Deloitte Legal 2018 exclusive study: A global look at dismissal costs and issues
This complicated global regulatory landscape is challenging for multinational enterprises on many levels. The fourth edition of the International Dismissal Survey examines dismissal legislation and provides in-house legal and HR leaders with dismissal cost projections from an employer's perspective across 45 countries. Leveraging this survey data will help company leaders to estimate potential costs, anticipate pitfalls, and make informed hiring decisions. These comprehensive structural insights will help guide your decision-making during the headcount planning process.
The survey begins with six cost comparisons, which reflects the dismissal cost in all participating countries. The survey data represents three separate cases with different seniority and remuneration packages―as well as examining the difference between a voluntary and involuntary dismissal circumstances in each of these scenarios.
The survey covers the country specific dismissal rules of 45 countries and the compliance formalities required in the upcoming legislative changes.
New 2018 study noteworthy additions:
- Two new comparative tables bringing more insight to overall cost implications
- Expansion that includes the Latin America and Asia Pacific regions
- Sixteen new countries, including: Albania, Bosnia and Herzegovina, Brazil, China, Colombia, Cyprus, Ecuador, Japan, Kazakhstan, Montenegro, Myanmar, Serbia, Singapore, South Korea, Thailand, Vietnam
Key highlights from the research:
- A number of countries, i.e. France, Italy, and the Netherlands have reformed their dismissal legislation in order to increase labor flexibility and/or financial predictability of dismissal cost.
- In over 75% of the surveyed countries, the employer is free to dismiss an employee, but the employee may be reinstated by the courts if the reasons for dismissals are deemed unjustified. Upfront approval is only required in two of the surveyed countries, the Netherlands and Ecuador. In only a limited number of countries, the employer has absolute power to dismiss without any possibility of reinstatement.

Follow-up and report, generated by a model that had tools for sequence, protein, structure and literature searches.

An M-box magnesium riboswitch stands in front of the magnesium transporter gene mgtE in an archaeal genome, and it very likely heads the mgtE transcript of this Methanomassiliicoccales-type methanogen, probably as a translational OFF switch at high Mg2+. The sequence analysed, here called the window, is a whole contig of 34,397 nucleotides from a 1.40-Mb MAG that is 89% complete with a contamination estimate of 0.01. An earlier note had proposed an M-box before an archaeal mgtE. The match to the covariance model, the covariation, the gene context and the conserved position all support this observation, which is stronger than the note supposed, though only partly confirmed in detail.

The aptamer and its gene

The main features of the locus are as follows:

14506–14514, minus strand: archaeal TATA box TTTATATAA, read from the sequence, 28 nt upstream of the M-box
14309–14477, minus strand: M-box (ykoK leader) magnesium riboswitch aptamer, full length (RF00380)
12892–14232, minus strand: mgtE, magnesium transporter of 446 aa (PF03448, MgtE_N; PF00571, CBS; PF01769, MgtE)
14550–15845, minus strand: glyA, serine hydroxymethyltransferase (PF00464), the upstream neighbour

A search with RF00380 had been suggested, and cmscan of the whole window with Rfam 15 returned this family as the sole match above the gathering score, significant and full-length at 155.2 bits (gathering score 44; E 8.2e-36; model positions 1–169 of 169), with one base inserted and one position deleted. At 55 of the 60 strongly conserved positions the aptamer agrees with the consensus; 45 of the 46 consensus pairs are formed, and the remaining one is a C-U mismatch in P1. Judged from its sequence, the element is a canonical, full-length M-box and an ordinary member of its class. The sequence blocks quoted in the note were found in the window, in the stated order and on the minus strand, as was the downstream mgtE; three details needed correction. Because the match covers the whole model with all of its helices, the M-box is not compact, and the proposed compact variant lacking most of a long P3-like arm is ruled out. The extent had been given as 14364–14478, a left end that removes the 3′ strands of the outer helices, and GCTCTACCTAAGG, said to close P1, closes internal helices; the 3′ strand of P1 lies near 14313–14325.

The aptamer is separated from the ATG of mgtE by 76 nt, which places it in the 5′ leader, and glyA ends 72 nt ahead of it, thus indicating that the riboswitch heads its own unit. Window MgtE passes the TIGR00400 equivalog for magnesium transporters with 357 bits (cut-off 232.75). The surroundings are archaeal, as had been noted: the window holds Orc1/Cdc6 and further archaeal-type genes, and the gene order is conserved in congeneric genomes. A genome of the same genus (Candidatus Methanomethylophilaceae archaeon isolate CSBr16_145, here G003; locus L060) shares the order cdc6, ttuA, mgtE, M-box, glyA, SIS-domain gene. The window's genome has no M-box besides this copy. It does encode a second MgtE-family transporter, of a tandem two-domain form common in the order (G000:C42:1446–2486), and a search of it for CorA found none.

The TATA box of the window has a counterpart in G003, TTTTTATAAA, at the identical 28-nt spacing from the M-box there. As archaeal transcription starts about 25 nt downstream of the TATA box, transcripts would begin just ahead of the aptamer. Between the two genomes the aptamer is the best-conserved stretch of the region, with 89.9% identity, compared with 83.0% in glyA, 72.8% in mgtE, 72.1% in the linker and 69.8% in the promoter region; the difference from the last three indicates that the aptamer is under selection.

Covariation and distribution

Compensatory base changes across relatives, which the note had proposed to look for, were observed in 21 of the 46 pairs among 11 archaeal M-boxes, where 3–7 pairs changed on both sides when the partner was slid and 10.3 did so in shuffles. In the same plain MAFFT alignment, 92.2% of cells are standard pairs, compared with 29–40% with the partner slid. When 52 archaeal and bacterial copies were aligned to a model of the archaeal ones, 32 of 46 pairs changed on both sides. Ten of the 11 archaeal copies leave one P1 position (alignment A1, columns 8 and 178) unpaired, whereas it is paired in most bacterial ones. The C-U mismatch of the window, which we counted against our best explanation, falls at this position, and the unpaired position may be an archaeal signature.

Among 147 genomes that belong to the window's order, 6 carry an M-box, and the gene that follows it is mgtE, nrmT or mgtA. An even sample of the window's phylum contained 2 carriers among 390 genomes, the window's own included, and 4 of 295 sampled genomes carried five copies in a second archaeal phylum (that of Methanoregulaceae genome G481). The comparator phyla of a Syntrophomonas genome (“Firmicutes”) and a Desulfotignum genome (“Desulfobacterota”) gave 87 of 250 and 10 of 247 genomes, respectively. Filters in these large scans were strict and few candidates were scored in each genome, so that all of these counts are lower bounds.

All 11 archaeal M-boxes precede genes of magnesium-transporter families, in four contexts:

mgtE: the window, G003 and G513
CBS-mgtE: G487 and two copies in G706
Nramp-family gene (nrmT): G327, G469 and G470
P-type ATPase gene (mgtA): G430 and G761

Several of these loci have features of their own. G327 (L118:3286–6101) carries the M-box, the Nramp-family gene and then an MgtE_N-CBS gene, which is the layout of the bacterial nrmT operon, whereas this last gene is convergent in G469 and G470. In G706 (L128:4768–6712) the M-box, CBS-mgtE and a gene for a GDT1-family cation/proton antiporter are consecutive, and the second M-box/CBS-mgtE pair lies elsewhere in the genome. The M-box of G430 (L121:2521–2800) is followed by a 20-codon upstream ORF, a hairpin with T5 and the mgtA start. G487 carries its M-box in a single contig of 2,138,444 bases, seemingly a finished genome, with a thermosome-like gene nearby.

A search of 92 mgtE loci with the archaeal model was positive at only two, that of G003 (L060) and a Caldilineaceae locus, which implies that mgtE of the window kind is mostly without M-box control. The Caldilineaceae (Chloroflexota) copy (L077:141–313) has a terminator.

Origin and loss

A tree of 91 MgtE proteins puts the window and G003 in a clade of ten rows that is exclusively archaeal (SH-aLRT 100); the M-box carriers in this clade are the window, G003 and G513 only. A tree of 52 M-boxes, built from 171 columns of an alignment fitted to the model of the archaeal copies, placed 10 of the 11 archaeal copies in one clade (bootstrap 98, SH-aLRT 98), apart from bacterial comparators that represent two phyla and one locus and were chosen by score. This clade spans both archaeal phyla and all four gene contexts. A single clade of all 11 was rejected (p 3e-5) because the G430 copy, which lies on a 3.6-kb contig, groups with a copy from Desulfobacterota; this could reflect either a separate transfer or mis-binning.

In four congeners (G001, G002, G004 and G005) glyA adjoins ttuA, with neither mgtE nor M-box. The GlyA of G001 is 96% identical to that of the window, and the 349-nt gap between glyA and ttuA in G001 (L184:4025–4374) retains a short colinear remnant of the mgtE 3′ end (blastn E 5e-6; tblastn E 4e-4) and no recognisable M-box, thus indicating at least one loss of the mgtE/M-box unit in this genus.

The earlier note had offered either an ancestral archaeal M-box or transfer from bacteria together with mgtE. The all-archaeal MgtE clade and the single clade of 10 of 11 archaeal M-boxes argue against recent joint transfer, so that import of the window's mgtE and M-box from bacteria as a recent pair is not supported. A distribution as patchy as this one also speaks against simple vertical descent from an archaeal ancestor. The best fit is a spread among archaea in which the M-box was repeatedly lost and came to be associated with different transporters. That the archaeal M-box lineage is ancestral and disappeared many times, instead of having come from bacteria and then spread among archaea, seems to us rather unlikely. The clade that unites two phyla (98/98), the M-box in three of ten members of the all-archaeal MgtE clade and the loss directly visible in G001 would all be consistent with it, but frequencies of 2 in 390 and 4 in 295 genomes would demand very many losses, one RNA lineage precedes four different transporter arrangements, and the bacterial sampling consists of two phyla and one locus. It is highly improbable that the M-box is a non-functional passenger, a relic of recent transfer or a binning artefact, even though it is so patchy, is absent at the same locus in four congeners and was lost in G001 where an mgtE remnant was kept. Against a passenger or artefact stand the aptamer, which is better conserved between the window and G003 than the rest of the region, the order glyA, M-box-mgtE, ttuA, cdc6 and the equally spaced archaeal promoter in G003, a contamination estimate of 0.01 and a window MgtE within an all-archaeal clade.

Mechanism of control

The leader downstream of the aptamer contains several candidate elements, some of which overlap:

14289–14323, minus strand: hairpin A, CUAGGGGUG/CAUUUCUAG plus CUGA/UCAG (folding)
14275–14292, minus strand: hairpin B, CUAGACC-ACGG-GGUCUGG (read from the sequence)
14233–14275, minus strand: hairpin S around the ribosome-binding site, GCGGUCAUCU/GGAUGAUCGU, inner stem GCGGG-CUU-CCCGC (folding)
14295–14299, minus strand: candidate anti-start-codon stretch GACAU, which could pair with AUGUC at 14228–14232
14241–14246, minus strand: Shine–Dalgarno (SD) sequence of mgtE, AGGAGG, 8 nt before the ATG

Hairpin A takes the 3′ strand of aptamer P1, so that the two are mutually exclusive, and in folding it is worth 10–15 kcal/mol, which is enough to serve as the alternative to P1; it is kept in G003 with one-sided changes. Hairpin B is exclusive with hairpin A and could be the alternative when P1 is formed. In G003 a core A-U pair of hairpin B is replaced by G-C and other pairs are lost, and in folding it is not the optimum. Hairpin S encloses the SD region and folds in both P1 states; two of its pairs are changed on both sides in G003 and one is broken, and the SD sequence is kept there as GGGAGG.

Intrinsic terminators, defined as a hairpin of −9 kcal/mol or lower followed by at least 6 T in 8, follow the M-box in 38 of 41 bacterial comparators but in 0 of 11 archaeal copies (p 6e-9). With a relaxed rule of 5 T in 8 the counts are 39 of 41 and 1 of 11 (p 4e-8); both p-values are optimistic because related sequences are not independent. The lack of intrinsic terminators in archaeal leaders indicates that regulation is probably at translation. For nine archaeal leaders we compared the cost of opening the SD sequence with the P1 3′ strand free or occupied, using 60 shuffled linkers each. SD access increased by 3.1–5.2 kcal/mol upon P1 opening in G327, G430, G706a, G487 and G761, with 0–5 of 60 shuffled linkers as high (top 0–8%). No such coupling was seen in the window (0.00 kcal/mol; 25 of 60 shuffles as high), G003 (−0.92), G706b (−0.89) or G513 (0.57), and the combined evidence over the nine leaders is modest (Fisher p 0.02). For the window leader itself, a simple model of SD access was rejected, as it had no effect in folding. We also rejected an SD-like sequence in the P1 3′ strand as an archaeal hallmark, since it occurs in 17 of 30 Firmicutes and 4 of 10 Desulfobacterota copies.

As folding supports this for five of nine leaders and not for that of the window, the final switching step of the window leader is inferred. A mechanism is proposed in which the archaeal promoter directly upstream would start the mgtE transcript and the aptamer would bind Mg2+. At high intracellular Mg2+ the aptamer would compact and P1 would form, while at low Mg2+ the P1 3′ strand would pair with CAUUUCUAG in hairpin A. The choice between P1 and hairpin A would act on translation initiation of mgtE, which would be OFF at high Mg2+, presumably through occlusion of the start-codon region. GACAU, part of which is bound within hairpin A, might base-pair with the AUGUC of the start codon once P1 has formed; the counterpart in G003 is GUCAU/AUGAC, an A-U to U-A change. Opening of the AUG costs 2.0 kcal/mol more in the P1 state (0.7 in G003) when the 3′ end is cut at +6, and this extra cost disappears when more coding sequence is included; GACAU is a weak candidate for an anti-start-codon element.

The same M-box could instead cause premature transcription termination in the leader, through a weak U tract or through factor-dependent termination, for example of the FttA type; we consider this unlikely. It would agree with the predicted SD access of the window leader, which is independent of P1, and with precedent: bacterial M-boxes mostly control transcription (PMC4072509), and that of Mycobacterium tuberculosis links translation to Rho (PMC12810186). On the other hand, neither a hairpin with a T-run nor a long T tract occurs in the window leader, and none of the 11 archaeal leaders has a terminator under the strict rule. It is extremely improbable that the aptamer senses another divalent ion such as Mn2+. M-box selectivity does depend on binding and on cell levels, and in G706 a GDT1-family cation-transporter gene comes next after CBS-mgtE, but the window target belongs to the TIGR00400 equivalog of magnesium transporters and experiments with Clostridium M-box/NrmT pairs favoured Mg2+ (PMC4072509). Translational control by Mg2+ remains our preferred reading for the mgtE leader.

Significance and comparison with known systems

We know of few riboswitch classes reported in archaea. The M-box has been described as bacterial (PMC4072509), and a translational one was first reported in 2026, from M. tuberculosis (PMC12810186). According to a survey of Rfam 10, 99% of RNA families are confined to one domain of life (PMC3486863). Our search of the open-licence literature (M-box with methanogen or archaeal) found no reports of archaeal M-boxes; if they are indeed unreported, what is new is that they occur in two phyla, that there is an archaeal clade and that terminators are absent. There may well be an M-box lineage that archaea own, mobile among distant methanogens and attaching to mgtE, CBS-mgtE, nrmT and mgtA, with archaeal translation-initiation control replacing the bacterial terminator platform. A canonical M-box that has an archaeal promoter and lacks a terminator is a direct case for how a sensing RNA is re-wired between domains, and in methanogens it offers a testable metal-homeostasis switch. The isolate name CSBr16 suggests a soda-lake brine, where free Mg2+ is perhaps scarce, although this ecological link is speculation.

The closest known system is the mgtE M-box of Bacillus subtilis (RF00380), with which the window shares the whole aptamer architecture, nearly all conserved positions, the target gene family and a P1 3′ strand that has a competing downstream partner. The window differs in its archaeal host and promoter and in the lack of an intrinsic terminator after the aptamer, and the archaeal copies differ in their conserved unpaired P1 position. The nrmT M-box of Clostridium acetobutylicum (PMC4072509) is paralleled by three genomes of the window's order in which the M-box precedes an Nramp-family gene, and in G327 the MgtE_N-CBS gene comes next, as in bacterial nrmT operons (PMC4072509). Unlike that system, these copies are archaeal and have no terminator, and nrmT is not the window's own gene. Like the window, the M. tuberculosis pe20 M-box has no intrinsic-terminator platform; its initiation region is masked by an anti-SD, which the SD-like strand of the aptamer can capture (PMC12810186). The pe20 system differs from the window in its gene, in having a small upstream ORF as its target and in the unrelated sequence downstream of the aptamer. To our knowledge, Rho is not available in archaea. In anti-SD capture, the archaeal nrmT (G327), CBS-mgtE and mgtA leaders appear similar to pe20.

- In almost all surveyed countries, seniority (the length of service within a certain company) is the key factor in determining the level of dismissal cost. However, over 60% of all participating countries have capped either the notice period or the severance indemnity or both.
- Basic dismissal concepts such as dismissal for serious cause and protection against dismissal of certain categories of employees (e.g. maternity, educational leave, political mandate, etc.) are present in almost all countries.
- In some countries, termination is only possible for the reasons stipulated explicitly by law, in which case no (or only minimal) indemnities and/or notice periods are due.
- If we compare all scenarios for dismissal with an objective individual reason or economic reason, we see that the dismissal cost varies widely between legislations, without any geographical preference.
- If we compare all scenarios for dismissal without any objective reason, employers in certain European countries encounter the highest costs, even though huge regional variations continue to exist.
- The highest increase in dismissal cost is triggered by the severance indemnity or indemnity for unlawful dismissal which is due if an employee is dismissed without an objective reason.
- A limited comparison for Latin American and Asian participants―with this baseline sample it is difficult to compare the regions and draw general conclusions.
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